Esther Gray will never forget the day Pulitzer Prize-winning author and historian David McCullough came to campus. McCullough was scheduled to speak on March 5 as part of the new University Lectures series, and it was Gray’s responsibility to make sure that all went according to plan. But by that morning it was clear she would have to find a larger venue. “We fielded more than 400 telephone calls from people in the community wanting to attend, so I moved the lecture to Hendricks Chapel, which seats 1,100,” says Gray, senior administrative assistant in the Office of University Lectures. “By nightfall the chapel was filled to capacity, with some people coming from hundreds of miles away. It was a day like no other.”

Early in 2000, SU Trustee Robert B. Menschel ’51, H’91 proposed the idea of creating a premier lecture series to heighten intellectual discourse among students, faculty, staff, and community members. His suggestion came at precisely the right moment in the life of the University, as a new Academic Plan, guided by Vice Chancellor and Provost Deborah A. Freund, was about to be unveiled. The plan offers a vision of a University where the best and most interesting students in the country come to learn and succeed. “Any exposure to an intellect of towering power and accomplishment can be a transforming experience for a serious student,” says Samuel Gorovitz, SU professor of philosophy and public administration and the Dearing-Daley Professor of Bioethics and Humanities at SUNY Upstate Medical University. “The University Lectures provide abundant opportunities for such experiences.”

The University Lectures, which are made possible by gifts from trustees, alumni, and friends of Syracuse, are free and open to the public. Interdisciplinary in nature with a University-wide appeal, they are coordinated by Academic Affairs’ new Office of University Lectures under the direction of Associate Vice Chancellor Michael Flusche. The 2001-02 lecture series featured speakers of national and international stature representing the fields of architecture and design, the humanities and sciences, public policy, management, and communications. In addition to McCullough, speakers included diplomat and former U.S. Senator George Mitchell, cognitive scientist Steven Pinker, journalist Juan Williams, museum director Thomas Krens, magazine editor Susan Taylor, media mogul Barry Diller, novelist Salman Rushdie, publisher Mortimer Zuckerman, designer Bruce Mau, paleoanthropologist Richard Leakey, former U.S. Senator George McGovern, and former U.S. Poet Laureate Robert Hass. Several of the speakers enjoyed a full day of campus activities, such as luncheons and dinners, classroom visits, receptions, and informal question-and-answer sessions following the lectures.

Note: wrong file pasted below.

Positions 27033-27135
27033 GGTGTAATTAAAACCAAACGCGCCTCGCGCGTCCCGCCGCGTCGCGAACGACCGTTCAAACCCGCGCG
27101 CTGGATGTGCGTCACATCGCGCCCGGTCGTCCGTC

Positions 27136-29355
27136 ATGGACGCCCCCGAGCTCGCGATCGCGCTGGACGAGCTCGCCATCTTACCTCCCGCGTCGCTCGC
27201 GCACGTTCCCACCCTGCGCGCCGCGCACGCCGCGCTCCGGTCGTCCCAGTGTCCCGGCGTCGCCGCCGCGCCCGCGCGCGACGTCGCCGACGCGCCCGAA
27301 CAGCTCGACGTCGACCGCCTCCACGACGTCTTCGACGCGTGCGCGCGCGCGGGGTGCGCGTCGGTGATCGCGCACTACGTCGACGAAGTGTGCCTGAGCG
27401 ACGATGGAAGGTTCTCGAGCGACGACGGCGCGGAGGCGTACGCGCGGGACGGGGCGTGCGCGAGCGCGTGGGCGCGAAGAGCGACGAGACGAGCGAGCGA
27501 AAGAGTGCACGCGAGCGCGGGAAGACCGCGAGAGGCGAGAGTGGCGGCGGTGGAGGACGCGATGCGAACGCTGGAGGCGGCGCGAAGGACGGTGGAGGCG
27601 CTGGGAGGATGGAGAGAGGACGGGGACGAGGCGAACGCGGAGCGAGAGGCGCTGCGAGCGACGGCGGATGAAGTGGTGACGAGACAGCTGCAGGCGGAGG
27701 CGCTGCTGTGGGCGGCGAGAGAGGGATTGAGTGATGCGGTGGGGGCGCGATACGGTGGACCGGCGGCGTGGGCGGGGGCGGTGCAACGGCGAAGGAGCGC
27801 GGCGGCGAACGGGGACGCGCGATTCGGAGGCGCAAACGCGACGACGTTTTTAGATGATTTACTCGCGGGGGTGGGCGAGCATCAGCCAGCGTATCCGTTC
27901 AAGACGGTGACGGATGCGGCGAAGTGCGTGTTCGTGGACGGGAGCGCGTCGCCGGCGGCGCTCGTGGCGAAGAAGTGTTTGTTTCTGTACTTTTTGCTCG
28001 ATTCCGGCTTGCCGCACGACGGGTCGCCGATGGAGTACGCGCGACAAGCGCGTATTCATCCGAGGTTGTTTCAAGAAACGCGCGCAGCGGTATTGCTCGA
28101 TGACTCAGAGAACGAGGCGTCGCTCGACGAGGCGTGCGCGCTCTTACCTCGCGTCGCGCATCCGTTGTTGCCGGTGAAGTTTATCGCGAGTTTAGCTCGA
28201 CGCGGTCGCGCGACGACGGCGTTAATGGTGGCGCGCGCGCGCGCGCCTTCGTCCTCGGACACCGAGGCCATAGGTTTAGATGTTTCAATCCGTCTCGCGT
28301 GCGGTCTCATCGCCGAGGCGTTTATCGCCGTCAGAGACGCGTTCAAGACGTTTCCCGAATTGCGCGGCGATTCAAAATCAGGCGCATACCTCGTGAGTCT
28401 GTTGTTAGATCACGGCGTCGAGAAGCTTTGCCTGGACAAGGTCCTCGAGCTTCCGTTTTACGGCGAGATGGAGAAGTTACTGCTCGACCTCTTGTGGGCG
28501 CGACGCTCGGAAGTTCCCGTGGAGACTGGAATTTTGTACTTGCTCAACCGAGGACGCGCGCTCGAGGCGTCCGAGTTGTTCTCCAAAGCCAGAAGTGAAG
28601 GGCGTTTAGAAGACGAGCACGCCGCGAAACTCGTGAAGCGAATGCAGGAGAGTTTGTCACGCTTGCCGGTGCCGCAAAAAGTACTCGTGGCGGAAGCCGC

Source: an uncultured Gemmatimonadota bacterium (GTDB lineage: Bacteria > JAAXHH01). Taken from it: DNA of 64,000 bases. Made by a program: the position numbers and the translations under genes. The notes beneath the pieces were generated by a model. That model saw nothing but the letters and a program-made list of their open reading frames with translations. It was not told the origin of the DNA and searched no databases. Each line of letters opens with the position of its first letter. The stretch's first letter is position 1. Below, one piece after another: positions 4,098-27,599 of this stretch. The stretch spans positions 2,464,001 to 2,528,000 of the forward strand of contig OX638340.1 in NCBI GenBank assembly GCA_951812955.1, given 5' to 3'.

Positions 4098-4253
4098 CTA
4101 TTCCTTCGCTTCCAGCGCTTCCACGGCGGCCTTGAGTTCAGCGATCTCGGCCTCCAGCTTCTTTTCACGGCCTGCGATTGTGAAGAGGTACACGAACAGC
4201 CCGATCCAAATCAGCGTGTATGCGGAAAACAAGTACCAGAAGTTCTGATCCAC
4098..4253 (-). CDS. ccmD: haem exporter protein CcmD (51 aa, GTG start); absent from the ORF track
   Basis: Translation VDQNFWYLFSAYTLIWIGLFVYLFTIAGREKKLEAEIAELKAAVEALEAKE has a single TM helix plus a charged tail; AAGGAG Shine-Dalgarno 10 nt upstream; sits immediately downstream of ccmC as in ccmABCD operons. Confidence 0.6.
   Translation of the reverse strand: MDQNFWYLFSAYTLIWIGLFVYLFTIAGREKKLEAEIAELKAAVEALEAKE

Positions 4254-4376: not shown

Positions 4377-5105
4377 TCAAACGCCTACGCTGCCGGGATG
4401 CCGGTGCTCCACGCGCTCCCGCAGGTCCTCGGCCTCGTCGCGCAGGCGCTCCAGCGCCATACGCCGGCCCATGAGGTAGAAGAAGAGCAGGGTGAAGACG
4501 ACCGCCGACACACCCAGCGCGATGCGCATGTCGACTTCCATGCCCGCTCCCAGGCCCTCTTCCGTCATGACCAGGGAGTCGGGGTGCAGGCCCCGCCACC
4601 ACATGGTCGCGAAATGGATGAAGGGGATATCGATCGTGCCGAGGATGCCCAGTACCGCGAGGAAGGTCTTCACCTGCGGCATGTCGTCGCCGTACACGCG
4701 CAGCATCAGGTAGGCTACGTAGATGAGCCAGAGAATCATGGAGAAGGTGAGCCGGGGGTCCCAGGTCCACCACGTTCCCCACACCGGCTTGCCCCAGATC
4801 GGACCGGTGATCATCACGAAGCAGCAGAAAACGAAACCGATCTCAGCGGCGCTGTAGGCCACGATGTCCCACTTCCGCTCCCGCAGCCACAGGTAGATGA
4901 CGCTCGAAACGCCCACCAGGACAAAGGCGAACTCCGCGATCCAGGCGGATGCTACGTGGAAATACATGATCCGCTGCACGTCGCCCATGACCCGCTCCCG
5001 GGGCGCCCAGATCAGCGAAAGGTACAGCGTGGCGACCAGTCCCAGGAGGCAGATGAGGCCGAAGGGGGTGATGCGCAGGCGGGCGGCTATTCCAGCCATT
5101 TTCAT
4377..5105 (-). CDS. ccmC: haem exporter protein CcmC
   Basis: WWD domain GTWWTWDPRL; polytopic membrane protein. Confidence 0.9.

“The University Lectures are without a doubt the most important improvement to the intellectual life of Syracuse University that I witnessed in my 12 years here as dean,” says Bruce Abbey of the School of Architecture. “It is an outstanding success, and the envy of all.”

—Christine Yackel

At the Lectern
The following speakers are scheduled to appear on campus this fall as part of the 2002-03 University Lectures series:

October 3: “What’s Going to Happen in Washington?” by William Safire ’51, H’78, a Pulitzer Prize-winning columnist for the New York Times.

October 10: “Working Toward Peace: An Evening with Nobel Peace Prize Winners Betty Williams and Jody Williams.”

October 22: “The Multicultural Imagination” by Latin American novelist Carlos Fuentes.

November 5: “Conflicting Narratives in the Arab-Israeli Conflict” by Shibley Telhami, a leading expert on the Middle East.

November 14: “An Evening with Rem Koolhaas,” a world-renowned Dutch architect.